I couldn’t imagine Tante taking this too hard – but then figured if Tante was tripped up over anything, it was hitting the end of the genetic string thing. Tante, who is all about family, has no grandchildren. She always imagined she would.
Deanna, although a nurturer, had opted not to procreate because the world sucks. Tante’s son, Lance, had a vasectomy after realizing if he knocked a girl up, the need for Pampers might seriously cut into his budget for hair spray, fake tanner and self-portraits for his “I am so studly, I don’t realize I’m 4 feet tall” portfolio. Out of the two, if anyone were to have a change of heart, it would be Deanna. And I think, deep down, Tante counted on that.
However, I had faith in Tante. She would eventually hitch herself up by the straps of her hippy shoes and get on with it.
Then, for the first time I noticed all eyes were on me.
Oh, they were waiting for my reaction. I didn’t have one. Not even if I strained myself. And I wondered then if I’d been called in as some living liberal boundary, such as if this crossed a line with me, then it was okay for them to feel ill-at-ease.
Okay… I felt (I am ashamed to admit this) jubilant for evil reasons. Deanna had bested me on “who can shock the elders right on out of their Love Pat granny bloomers.” Woo-hoo, she was a homosexual. The only way I could top that was to married a black female dwarf and quit my job to raise chicken. It was official. I had passed on the family shit-taker torch.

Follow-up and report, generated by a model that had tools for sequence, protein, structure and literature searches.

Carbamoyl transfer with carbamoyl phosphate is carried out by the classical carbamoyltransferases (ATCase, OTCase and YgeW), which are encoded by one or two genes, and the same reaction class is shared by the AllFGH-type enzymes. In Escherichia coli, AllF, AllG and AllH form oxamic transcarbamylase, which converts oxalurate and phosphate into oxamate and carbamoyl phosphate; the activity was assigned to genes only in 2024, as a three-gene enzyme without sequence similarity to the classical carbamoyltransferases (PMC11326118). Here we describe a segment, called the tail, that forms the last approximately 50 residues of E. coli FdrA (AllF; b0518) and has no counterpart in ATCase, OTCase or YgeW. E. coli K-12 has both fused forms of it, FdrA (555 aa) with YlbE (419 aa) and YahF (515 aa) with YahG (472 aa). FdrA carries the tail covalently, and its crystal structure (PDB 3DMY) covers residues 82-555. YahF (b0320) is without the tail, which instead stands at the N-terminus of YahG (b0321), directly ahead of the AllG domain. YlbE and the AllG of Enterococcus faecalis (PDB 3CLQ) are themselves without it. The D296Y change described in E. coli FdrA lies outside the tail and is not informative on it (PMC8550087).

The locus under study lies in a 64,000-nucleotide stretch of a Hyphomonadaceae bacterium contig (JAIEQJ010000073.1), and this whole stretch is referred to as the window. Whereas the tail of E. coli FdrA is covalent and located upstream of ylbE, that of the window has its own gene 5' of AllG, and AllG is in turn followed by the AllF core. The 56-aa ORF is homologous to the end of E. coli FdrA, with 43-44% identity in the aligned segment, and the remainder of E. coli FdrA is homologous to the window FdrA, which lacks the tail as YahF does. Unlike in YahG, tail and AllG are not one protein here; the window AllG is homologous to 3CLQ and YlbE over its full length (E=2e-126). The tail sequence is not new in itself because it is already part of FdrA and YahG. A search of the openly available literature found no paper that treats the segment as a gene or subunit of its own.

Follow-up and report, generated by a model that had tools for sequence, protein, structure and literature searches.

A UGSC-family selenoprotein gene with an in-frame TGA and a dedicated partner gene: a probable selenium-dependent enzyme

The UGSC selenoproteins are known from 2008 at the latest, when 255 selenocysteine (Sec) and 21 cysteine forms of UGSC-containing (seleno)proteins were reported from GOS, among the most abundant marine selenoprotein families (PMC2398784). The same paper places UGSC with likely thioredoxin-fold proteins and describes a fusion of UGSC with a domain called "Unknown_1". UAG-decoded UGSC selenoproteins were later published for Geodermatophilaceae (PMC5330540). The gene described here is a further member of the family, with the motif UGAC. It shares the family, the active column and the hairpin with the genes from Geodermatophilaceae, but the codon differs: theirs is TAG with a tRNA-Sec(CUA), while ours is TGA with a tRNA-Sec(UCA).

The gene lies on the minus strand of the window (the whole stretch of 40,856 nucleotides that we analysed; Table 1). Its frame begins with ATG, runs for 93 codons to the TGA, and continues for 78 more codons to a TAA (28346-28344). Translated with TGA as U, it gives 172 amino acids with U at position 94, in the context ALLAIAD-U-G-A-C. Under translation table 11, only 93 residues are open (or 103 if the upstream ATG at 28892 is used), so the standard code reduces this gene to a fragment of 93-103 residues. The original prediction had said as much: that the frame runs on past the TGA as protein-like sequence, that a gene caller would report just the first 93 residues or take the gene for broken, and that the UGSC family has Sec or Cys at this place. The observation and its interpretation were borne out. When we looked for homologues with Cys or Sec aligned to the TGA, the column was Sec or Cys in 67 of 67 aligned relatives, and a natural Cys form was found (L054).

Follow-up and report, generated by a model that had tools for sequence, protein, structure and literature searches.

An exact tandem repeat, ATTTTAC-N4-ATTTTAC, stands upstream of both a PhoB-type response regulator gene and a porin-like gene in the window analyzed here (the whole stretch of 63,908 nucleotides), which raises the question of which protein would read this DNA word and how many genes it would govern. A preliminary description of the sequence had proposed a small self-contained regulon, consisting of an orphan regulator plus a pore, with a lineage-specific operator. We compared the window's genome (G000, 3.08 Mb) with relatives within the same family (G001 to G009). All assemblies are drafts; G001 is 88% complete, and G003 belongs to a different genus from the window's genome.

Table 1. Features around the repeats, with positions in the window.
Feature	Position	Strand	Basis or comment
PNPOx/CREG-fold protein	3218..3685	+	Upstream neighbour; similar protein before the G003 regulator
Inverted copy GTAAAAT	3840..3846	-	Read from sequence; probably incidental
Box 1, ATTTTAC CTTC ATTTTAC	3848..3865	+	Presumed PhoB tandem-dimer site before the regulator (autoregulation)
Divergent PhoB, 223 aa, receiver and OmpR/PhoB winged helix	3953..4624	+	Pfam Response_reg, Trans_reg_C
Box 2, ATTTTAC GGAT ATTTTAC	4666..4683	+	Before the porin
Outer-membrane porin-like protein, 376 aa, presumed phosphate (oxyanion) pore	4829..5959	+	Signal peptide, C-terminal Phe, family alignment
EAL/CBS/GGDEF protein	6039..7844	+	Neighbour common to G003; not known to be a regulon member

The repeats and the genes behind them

I felt like doing a happy dance while singing, “Dennie is a lesbian. I am not the bad one because she has a wifey. I am out of trouble.” Then, I liked the ditty so much I thought about calling her to share it. I didn’t have her new number.
As far as her marriage, well, after a great deal of contemplation and soul searching, I decided:
I don’t care. And you can’t make me. (You conservatives should try this whole minding your sex business/apathy thing. It’s very relaxing.)
You know, I grew up with Deanna. I’ve seen this heifer in the morning with bedhead. She ain’t pretty. Lot of times, bless her heart I love her so – she ain’t nice either. So if Deanna has actually found someone who can live with her crankiness, morning breath and all the mess that is her – then, that person should be entitled to all legal benefits of a spouse and maybe even one of those government checks they mail crazy people.
Therefore, I am apparently cool with same-sex marriage as long as the bridesmaid’s dresses aren’t ugly.
However, this doesn’t mean I’m ready to join the fight for gay rights. It’s not that I am opposed or don’t support her – this is just not my battle. Man, I’ve carried the family torch for 15 years with the whole “Get Down with the Brown” battle. I’m tired. Maybe in a few years, I’d be willing to march with her- or at least hold a picket sign if she bought me ice cream and let me sit on a bench.
And so, I looked at the matriarchs, who were still waiting for my reaction and said: “Well, we will have to send her a toaster when we get her new address.
My mother rolled her eyes, “Good Lord Angie, I am not sure that would be appropriate. Deanna might be offended Just keep your nose out of it and mind your manners.”
“How is that bad manners? You send married people gifts. Sometimes the gift might be a toaster. It can’t be any worse than you saying she’s married to a woman because she’s gay. I mean jeez, talk about redundant. Perhaps we should just consult the Book of Proper Homosexual Manners for Dummies. ”
Someone behind me started laughing hysterically. I turned around and saw Tante. She was wearing her hippy shoes and the straps were pulled up just like I knew they would be.